Avoiding ‘the final closet’ for older LGBTQ+ adults in long‑term care

- August 15, 2019

Jacqueline Gahagan's new study frames housing as a key determinant of health — in this case, for the growing pool of LGBTQ+ baby boomers heading into their later years. (Bigstock/Flickr image)
Jacqueline Gahagan's new study frames housing as a key determinant of health — in this case, for the growing pool of LGBTQ+ baby boomers heading into their later years. (Bigstock/Flickr image)

Older Canadians who identify as LGBTQ+ face a dilemma others don’t if they consider a long-term care facility in their later years: whether to go back into the closet or not.

A new study led by Dal researcher Jacqueline Gahagan aims to uncover common concerns among older LGBTQ+ Canadians considering long-term care and other housing facilities for seniors. The study hopes to identify potential solutions to make them more comfortable should they do so.

“It’s unclear to people who are older and gay whether it’s safe for them to be out or not in long-term care facilities or nursing homes,” says Dr. Gahagan, a professor in the Health Promotion Division in the School of Health and Human Performance at Dal.

“The fear is if they go into a facility that is not affirming of their sexual orientation or gender identity, that may become the final closet in that they will spend the last years of their lives — being closeted or forced back into the closet because they are living in homophobic, non-affirming space,” she says.

Dr. Gahagan’s research project, funded by the Social Sciences and Humanities Research Council in partnership with the Canadian Mortgage and Housing Corporation (CMHC), frames housing as a key determinant in health for LGBTQ Canadians – in this case, for the growing pool of LGBTQ+ baby boomers (born between 1946 and 1964) heading into their older years.

“They have lived their entire lives navigating the health-care system, education system, housing systems, employment systems, to ensure that they don’t get further discriminated against,” she says.

Filling the knowledge gap

The federal government flagged LGBTQ+ seniors’ housing needs in the fall of 2017 as part of a 10-year, $40-billion National Housing Strategy. Dr. Gahagan’s research signals an important step forward in addressing the knowledge gap that currently exists on the issue.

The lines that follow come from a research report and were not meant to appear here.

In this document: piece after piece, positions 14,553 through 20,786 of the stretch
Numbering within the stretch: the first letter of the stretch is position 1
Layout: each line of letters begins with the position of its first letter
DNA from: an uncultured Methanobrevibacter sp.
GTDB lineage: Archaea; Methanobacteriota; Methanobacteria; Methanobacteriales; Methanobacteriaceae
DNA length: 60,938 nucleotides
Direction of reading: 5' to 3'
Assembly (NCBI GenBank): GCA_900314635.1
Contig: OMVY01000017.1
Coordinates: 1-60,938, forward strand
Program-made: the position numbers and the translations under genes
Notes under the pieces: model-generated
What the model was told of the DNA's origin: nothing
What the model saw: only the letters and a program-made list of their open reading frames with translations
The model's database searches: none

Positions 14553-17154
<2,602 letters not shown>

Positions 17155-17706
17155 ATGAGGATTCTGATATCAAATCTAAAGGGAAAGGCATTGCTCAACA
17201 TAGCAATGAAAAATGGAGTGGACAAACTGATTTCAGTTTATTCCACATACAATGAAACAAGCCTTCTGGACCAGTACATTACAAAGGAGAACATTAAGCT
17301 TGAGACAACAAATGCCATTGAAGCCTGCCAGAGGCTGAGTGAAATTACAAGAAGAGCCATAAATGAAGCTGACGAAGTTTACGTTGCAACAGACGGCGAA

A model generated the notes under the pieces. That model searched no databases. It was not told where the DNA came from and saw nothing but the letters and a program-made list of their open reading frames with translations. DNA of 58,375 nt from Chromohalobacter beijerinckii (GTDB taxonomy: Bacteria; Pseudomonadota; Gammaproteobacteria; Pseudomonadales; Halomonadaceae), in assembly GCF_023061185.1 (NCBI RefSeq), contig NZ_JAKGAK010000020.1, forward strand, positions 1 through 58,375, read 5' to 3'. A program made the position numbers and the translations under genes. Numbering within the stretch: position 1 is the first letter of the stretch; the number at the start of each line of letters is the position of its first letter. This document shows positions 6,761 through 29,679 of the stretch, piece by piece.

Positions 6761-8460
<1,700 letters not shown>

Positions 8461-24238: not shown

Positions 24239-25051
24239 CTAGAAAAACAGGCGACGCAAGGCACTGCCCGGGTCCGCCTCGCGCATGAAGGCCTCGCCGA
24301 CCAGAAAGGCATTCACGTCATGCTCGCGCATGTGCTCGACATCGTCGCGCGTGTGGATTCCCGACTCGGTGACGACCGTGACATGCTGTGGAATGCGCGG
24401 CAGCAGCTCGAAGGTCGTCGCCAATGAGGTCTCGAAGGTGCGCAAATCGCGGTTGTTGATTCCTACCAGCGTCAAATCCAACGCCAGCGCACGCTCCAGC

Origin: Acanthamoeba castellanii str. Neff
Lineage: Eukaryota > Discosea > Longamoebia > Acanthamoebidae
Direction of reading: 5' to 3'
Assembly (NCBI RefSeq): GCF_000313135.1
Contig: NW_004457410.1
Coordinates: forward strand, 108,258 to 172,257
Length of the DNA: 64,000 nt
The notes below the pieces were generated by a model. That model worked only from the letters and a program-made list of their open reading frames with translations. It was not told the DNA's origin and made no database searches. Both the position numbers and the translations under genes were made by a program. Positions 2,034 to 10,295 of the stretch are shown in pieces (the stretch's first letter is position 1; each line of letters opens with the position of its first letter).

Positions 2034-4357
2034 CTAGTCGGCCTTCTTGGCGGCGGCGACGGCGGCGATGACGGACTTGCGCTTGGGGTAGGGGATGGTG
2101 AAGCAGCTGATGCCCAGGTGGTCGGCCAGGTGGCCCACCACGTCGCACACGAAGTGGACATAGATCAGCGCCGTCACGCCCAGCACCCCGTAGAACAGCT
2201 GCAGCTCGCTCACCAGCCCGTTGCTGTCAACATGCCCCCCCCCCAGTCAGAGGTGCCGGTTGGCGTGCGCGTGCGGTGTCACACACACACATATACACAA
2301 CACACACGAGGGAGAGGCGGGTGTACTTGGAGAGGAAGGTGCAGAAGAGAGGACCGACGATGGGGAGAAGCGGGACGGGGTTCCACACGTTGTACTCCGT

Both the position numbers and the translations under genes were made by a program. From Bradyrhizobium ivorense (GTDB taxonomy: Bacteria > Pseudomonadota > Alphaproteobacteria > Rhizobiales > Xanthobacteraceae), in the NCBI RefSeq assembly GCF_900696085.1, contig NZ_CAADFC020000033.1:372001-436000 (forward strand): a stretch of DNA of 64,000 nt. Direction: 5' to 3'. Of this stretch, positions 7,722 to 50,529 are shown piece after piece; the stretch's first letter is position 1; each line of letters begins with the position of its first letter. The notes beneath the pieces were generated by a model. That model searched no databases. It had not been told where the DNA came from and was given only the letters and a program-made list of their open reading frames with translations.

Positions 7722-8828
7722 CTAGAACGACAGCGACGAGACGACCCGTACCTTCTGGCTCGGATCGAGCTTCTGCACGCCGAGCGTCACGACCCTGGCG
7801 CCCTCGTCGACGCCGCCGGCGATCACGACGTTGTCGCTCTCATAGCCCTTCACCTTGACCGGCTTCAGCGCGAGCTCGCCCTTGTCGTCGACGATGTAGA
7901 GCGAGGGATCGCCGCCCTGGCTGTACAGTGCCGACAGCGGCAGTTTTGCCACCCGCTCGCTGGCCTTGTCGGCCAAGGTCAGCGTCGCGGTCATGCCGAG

“We don’t really have good baseline data,” she says.

Dr. Gahagan’s one-year grant consists of three parts, including a scoping review of existing housing policies and programs across the country, an online survey to identify key housing issues, and a series of focus groups with LGBTQ+ seniors.  

The focus groups will take place in five Canadian cities this November — Halifax, Ottawa, Winnipeg, Calgary and Nanaimo— to reflect on what was learned in the scoping review and online survey and to prioritize key issues going forward in the development of a larger 5-year SSHRC grant that will look at intergenerational justice in housing for both older and younger LGBTQ+ Canadians

Dr. Gahagan has already been encouraged by CMHC to apply for a second phase of the project, which will aim to mobilize some of those findings into policy changes.

Housing policy and programming changes are needed in order to address the unique concerns of LGBTQ+ Canadians, particularly those with more complex health needs. These changes may  help people like an older lesbian Dr. Gahagan knows who is paralyzed from the neck down and is fearful of the treatment she could receive if her sexual orientation becomes known in her longterm care facility.  

“Her fear was if she went into a care facility where someone was incredibly homophobic because of religious issues or ideological issues, they might leave her unattended in her chair or  bed.

“She said to me, ‘I don’t want to risk the person who is caring for me to abuse me, so I’m just never going to talk about my sexual orientation because I don’t want to take that risk that I’m going to get inferior care,’” says Dr. Gahagan.

Creating tangible change

Dr. Gahagan’s current research builds on her earlier research on similar issues in the European Union. She also hopes  research out of the United States will shine a light on why this issue matters and allay any fears government might have currently about investing in LGBTQ+ housing needs.

“It is a bit of a tricky choreography between explaining to decision-makers why this is a human rights issue and why housing is a key determinant of health that needs to reflect the spectrum of people who are looking for safe, affirming housing,” says Dr. Gahagan.

The hope is that, eventually, standardized policies will be in place to help ensure the safety and comfort of LGBTQ+ individuals. Massachusetts, for instance, has adopted required training in LGBTQ+ sensitivities for everybody in the state who works in long-term care facilities.

“That’s the kind of stuff that I think is a tangible policy change that we could actually make.”


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